Gospel ministry is not about our ability to persuade non-believers to love Jesus. Humanity’s depravity reveals to us that when left to ourselves we will “suppress the truth” (Rom. 1:18). The power of the Gospel is not built upon external means which we can necessarily attract individuals, but rather the proclamation of the Gospel to quicken the dead hearts of men, through the effectual work of the Spirit, to live in Christ.
Therefore, the Apostle Paul was not concerned with the latest fad, but placed his confidence in the heralding of the Good News. “And I, when I came to you, brothers, did not come proclaiming to you the testimony of God with lofty speech or wisdom. For I decided to know nothing among you except Jesus Christ and Him crucified” (1 Cor. 2:1-2). Paul’s confidence was mounted upon the fact that God will save, and the responsibility of the servant is to be faithful to the message. The people of God, then, are not called to follower the patterns of this world, but to entrust themselves to the self-disclosure of Him who called them. D. A. Carson touches on this reality in saying,
Authentic Christianity demands more: a love for the God who has thereby disclosed Himself, a response to Him in obedience and faith. But it is futile to speak of loving and trusting and obeying this God if His words do not delight us and terrify us and instruct us and shape us. When they do, our worldview is progressively transformed and the culture of which we are a part, and which we pass on to others cannot help but diverge from the culture of those who embrace the processes of secularization. In such instances, Christ and culture are heading in different directions.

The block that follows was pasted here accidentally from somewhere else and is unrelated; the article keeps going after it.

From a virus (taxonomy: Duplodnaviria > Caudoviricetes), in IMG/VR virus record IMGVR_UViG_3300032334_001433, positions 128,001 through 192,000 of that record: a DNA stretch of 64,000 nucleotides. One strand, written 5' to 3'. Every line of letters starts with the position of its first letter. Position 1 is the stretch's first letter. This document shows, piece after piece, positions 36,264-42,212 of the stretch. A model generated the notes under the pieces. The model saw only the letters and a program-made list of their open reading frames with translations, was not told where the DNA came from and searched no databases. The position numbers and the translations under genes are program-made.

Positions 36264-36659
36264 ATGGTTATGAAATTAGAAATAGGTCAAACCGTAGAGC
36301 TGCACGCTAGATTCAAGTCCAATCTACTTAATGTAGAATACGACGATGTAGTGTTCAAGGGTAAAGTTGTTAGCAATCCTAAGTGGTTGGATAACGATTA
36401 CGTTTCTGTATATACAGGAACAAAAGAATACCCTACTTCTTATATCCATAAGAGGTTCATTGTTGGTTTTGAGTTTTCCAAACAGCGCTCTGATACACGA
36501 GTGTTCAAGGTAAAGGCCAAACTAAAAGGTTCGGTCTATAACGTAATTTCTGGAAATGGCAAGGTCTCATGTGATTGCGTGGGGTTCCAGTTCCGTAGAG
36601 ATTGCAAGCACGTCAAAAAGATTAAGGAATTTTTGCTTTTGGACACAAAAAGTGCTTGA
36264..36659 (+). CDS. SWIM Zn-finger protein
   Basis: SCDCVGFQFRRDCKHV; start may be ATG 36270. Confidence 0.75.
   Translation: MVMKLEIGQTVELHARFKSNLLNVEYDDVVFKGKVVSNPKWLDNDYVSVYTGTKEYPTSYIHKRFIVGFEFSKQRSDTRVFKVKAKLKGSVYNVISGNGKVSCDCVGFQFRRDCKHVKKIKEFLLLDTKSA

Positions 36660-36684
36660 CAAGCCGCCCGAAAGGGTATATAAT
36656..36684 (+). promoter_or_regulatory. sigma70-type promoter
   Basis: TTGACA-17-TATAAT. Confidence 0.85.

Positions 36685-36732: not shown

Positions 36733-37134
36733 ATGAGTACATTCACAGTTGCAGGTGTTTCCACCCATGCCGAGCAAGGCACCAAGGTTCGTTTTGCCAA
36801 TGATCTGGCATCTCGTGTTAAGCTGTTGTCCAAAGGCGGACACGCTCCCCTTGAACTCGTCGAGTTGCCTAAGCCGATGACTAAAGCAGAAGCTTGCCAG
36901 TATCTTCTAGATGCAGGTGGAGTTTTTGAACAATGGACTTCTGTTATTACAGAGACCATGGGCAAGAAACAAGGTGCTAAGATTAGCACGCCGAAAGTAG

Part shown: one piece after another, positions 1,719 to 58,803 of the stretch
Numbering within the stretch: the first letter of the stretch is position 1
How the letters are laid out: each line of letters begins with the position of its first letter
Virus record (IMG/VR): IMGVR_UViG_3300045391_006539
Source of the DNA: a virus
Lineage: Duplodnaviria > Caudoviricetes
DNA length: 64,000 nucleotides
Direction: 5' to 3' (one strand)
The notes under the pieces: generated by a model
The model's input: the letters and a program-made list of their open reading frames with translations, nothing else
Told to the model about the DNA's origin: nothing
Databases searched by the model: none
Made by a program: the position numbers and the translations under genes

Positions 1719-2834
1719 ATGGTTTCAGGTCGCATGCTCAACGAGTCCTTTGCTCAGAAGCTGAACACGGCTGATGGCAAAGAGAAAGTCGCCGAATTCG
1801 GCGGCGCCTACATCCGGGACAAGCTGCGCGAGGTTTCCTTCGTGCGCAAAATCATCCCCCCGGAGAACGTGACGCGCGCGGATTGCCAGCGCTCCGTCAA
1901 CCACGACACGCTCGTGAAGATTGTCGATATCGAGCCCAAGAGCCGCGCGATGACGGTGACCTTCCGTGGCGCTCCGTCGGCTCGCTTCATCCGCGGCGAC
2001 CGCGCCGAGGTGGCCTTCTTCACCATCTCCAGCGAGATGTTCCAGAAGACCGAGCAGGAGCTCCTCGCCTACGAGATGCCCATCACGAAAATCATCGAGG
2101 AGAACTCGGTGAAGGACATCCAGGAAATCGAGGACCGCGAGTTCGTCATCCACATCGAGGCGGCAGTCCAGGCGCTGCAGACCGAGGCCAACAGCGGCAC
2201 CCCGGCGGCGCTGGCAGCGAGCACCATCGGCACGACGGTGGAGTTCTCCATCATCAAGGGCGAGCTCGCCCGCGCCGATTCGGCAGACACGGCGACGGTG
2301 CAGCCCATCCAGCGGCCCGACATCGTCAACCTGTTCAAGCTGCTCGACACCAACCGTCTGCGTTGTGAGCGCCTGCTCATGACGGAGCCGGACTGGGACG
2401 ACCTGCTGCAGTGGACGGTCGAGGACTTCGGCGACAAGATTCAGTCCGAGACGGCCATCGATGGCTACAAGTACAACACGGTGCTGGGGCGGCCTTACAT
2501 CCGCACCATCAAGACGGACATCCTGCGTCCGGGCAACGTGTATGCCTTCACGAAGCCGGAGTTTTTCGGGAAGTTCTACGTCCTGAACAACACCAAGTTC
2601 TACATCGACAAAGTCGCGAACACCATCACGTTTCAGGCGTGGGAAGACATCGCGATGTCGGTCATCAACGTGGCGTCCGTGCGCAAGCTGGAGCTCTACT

How the church will reflect forth the glories of God is through the indwelling Spirit’s transformative pursuit to conform the saints into the image of the Son (Rom. 8:29). The church’s attractional aim is not necessarily to draw a crowd per se, but rather to display His beauty. This is done not through external means, but through union with Christ to which holiness and divine love will be the characteristics that ooze forth from regenerate hearts. May the church not rely upon fancy methodologies to measure her efficiency, but rather place her hope in the work and Person of Christ to whom we are to preach faithfully in the power of the Spirit for the glory of the triune God.
 This article is adopted and modified with approval from https://mcyoungyang.blogspot.com/2017/11/the-irrelevancy-of-relevancy.html.  Matt Chandler, Josh Patterson, and Eric Geiger, Creature of the Word: The Jesus-Centered Church (Nashville: B&H Publishing Group, 2012), 202.  John M. Frame, The Doctrine of God (Phillipsburg: P&R Publishing, 2002), 28.  Robin Routledge, Old Testament Theology: A Thematic Approach (Downers Grove: IVP, 2008), 106.
 D. A. Carson, Christ and Culture Revisited (Grand Rapids: William B. Eerdmans Publishing Company, 2008), 122.
McYoung Y. Yang (MDiv, The Southern Baptist Theological Seminary; ThM, Midwestern Baptist Theological Seminary) is the husband to Debbie and the father to McCayden (12), McCoy (10), McColsen (8), and DeYoung (5). He is a Teaching Pastors at Covenant City Church in St. Paul, MN. McYoung is continuing his doctoral studies at Midwestern Baptist Theological Seminary in Kansas City, MO. His ambition is to use his training as a means to serve the local church in living life through the Gospel lens.